Claymation - Why you should get animating with Clay

Probably the most traditional and best known medium for stop motion animation is Clay animation or claymation.

The good thing about clay animation is that you are only limited by your imagination. Clay is a very versatile medium. It can be moulded and shaped in to anything your imagination can come up with. It is sometimes broken into two different categories. Firstly, armature based models and secondly free form or shapeless or free form models. Armature based models involve some kind of skeletal structure covered with clay. These armatures are usually made of steel or wire. Whereas freeform stop motion animation does not use any internal skeletal structure.

History of Claymation

Claymation with Lee Hardcastle
Lee Hardcastle - Claymation Nightmare

Claymation is over one hundred years old. It started back in early 1900 when camera men noticed that if they stopped and started their cameras between single frame shots that the playback create animation out of inanimate objects. It was initially called trick photography or trick filming.  It gave birth to a whole generation of creative work that we today describe as stop motion.

The term “claymation” only more recently came in to common use when Will Vinton trademarked the term in 1978. Will died on the 4th of October 2018 ( may he rest in peace ). 

The first use of claymation ( in wide circulation at the time at least ) is The Sculptor’s Nightmare, from 1908. Cel animation took over however in favor for most of the following 60 years. It emerged again with characters like Morphy and Gumby.

What Clay is best or is recommended? Oil based Clay or Water Based Clay?

Well any clay will work but some are easier to work with for a number of reasons. However we recommend oil based clay. There are a number of brands available for claymation such as Van Aiken. The other kind is water based clay. Water based clay is  clay mixed with water. It is usually inexpensive but must be kept covered or it will dry out. Water based clay is easy to work when it has just the right amount of water, which is easy to manipulate.

Its disadvantages are equal to its advantages; it is often hard to control especially if a project goes into many days, it sags and separates easy, and it can’t be used with plastics, epoxies or polymers.

Oil based clay is clay mixed with oil or combinations of oils. Unlike water based clay it will not dry out when trying to do claymation, but it will oxidize over time and become difficult to work. Some oil based clays like plastina contain sulphur and can’t be used with silicone moulding compounds. Plastina can be sealed with a coating of sealer or shellac but any coating of this type will take away some of the character of the clay. Warming or preheating oil based clay will soften it and make it easy to work.

Some notes on Sculpey and premo.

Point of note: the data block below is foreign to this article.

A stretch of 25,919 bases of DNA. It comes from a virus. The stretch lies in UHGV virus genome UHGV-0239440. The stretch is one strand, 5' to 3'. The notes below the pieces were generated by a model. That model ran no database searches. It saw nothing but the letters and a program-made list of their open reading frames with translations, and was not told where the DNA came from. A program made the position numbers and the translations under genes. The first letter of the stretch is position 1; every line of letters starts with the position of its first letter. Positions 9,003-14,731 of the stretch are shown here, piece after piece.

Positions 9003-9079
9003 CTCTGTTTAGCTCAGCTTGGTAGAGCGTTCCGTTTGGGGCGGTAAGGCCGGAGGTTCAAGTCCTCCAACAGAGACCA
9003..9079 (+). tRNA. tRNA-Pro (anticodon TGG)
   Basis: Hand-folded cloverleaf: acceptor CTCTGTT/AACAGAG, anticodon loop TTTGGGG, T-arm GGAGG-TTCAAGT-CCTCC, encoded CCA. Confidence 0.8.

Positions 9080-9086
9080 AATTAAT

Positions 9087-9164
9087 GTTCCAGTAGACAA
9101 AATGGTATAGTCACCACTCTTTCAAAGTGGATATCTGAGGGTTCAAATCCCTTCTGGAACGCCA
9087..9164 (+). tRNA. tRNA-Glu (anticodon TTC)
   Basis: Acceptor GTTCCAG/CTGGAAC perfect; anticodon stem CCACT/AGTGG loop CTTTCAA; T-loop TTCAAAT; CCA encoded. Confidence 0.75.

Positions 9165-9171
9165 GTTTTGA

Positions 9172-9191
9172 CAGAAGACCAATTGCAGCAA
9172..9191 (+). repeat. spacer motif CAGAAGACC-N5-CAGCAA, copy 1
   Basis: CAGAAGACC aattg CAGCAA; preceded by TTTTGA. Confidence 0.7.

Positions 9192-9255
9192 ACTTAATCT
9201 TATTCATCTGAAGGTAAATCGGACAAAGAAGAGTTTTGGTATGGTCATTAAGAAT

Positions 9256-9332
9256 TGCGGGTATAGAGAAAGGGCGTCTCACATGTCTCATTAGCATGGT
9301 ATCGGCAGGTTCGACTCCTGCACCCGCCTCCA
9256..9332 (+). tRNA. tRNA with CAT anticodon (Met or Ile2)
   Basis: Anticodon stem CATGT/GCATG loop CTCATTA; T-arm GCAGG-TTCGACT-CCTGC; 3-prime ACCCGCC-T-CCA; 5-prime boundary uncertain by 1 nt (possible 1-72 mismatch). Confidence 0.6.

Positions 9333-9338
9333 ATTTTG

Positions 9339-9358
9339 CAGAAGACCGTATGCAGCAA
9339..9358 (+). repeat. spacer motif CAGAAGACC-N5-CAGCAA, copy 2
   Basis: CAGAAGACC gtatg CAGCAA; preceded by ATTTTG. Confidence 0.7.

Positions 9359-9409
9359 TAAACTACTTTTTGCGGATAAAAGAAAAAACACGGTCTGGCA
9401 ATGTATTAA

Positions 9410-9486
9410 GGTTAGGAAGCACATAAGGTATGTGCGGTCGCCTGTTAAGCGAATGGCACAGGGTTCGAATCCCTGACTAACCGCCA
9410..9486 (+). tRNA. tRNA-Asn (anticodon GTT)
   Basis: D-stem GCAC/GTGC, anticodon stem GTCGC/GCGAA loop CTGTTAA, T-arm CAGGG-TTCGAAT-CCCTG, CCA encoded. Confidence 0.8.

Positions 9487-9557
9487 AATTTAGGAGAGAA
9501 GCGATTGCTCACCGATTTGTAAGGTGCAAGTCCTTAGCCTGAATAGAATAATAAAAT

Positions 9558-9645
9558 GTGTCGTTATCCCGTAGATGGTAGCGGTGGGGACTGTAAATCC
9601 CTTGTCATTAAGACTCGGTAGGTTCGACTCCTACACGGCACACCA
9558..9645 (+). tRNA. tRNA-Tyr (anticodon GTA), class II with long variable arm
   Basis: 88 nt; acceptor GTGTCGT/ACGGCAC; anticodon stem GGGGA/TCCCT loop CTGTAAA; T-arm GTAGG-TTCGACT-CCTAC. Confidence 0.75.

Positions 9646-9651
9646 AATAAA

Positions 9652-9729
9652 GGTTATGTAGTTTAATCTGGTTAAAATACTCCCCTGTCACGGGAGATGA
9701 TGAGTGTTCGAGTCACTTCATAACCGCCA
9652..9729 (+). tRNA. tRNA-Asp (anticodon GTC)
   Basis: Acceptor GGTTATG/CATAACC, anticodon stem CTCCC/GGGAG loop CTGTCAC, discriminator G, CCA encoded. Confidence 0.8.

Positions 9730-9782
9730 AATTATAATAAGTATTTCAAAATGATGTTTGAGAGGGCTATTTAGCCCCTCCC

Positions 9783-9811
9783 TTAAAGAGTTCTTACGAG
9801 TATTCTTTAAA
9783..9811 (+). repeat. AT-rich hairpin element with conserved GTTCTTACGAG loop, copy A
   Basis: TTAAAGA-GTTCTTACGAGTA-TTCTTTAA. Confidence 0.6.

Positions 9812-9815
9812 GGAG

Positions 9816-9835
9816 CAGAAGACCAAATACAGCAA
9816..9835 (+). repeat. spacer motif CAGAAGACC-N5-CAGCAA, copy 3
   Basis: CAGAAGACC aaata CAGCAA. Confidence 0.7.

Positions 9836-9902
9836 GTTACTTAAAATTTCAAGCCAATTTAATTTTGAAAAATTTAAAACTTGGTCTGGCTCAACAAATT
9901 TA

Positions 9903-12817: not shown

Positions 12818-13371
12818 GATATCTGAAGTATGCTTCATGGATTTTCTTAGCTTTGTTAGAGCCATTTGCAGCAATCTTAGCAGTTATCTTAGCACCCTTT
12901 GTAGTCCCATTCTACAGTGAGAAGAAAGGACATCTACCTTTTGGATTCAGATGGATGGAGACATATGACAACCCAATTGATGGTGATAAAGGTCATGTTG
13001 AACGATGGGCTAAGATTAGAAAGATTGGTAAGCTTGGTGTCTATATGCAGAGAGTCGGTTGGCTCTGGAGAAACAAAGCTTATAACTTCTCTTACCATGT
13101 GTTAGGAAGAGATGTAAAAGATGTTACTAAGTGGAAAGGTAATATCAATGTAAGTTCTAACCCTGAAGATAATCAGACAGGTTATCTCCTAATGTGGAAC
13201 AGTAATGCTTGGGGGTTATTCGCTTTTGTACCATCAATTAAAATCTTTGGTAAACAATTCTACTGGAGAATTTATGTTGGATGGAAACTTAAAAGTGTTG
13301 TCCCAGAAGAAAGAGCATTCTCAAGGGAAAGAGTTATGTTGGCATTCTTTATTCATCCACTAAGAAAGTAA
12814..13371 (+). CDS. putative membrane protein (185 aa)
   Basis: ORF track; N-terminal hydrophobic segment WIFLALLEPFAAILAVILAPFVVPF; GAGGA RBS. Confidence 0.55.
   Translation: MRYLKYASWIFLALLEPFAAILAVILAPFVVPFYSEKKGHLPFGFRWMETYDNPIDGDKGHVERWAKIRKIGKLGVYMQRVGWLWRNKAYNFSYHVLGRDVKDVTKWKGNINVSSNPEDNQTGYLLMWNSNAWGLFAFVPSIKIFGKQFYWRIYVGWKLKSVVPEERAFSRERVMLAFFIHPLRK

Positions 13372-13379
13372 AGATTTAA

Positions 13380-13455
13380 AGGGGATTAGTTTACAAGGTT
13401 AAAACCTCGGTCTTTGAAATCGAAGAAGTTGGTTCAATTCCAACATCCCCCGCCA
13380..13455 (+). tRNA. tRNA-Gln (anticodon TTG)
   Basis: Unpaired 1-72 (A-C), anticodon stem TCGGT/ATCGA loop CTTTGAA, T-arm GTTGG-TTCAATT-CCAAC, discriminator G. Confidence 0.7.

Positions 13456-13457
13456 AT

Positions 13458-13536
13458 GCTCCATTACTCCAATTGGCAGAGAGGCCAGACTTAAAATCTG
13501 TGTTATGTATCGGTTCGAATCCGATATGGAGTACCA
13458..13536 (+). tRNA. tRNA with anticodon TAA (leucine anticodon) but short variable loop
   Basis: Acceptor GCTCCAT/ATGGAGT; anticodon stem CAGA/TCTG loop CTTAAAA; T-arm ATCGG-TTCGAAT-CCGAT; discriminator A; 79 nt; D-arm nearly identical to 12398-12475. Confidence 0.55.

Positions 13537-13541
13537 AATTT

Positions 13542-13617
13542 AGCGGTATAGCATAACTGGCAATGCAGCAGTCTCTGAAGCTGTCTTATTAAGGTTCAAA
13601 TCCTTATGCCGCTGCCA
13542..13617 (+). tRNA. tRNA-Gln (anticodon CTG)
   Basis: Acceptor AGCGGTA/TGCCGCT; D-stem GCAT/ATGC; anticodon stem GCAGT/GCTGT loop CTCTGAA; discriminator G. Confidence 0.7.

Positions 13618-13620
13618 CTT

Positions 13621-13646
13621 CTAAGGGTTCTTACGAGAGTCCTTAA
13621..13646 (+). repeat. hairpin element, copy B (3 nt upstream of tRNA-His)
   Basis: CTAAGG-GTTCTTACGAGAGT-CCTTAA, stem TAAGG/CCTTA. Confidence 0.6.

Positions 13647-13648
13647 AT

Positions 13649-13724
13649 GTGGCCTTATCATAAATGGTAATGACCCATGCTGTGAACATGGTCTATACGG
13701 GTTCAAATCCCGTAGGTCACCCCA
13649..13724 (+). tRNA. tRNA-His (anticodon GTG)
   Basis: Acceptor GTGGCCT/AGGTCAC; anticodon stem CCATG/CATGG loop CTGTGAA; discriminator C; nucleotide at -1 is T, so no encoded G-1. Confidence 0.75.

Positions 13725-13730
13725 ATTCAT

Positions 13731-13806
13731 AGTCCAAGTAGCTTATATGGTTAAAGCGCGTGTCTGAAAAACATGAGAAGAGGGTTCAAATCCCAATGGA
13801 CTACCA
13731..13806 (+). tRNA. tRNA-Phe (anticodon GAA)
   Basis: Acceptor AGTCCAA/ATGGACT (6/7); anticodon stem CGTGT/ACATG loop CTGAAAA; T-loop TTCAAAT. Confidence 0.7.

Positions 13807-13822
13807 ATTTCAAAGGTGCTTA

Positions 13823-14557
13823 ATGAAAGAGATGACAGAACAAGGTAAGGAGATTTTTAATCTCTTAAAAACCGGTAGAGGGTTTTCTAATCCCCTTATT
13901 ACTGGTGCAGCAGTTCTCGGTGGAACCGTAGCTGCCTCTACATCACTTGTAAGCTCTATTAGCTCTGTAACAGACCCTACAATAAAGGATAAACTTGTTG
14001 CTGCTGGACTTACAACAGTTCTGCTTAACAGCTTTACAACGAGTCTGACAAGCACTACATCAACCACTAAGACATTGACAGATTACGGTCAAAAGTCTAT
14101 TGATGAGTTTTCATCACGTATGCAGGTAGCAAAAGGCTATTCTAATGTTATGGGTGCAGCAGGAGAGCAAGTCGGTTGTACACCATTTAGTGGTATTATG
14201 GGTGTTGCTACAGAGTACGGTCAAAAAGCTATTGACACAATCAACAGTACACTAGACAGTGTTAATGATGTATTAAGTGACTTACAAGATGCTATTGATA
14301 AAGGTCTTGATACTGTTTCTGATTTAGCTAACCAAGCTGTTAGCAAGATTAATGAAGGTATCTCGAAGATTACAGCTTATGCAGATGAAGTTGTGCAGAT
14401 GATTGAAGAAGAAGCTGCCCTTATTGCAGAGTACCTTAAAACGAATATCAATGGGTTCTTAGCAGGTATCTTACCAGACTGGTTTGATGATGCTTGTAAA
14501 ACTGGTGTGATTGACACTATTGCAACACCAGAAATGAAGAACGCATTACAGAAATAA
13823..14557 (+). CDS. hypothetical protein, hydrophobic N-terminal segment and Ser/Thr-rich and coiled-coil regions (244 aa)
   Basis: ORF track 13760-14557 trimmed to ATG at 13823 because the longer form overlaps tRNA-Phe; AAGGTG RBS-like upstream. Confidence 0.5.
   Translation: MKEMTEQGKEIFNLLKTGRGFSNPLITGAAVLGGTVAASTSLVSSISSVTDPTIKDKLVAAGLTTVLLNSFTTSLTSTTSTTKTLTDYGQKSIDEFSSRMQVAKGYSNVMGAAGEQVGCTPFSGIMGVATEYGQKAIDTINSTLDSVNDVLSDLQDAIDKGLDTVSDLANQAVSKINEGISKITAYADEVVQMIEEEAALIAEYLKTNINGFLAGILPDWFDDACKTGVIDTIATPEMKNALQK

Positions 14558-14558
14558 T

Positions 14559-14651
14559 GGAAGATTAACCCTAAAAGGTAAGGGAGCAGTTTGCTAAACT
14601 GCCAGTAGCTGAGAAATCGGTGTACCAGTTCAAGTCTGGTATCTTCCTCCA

Sculpey Clay for claymation

Sculpey Clay

Sculpey, Super Sculpey (Polymer based), Premo can be baked hard so they are good good for parts that will not need to flex such as torso and mouth / expression pieces that are use as replacement parts.When they are baked they it are no longer effected by heat of light. However Super Sculpey stays more workable until heated than the other two. Note also that Premo is shiny when moulded by hand.

According to Premo’s site and we concur.. “Premo! Sculpey quickly reaches a workable state with minimal conditioning and remains soft and pliable while 

Premo for claymation

Premo Clay

offering extra resistance without crumbling. Hint: Conditioning of all polymer clays may be facilitated with the use of a pasta machine. Simply cut the block in half and feed each half through the largest setting. Repeat 10 times more and your clay should be conditioned.

It is available in 32 colors, including a lustrous Gold and Silver, and a series of pearlescent colors. Its artists’ color palette is modeled after oil paint colors and designed to make color mixing a snap. Mix Premo! Sculpey with other polymer clay colors, powders or pigments for interesting colors and textural effects.”

Why not try to make a claymation character after watching this How to make a Claymation Character video.


The smARTteacher Resource
© smARTteacher Resource

Where do I start with Claymation?

1. Come up with a Story

You can by all means just start animating with you clay characters without any particular story however your viewer will loose interest in the absence of a story. You could for example animate a well known story like the three bears !

2. Plan with a storyboard

Draw out the story line in a rough sketch. This will be invaluable for you when you start animating. It will give you direction and focus. Something that you can easily leave sight of when animating as it takes time to animate.

3. Design your clay characters

This can be a fun part and will give vent to your imagination. Its a great strength of clay that it lends itself to creating any kind of character imaginable.

4. Build your Set

Again this can be fun. Using cardboard or foam you can create almost anything. It doesn’t need to be fancy or perfect.

5. Set up your lighting

A very important step. You need to light your stage correctly. Some good tips on lighting here.

6. Start taking snaps! 

You can use your phone to take snaps when starting out but it is worth considering using a dedicated stop motion animation software program to get better results.

See our review section here for some advise on this topic.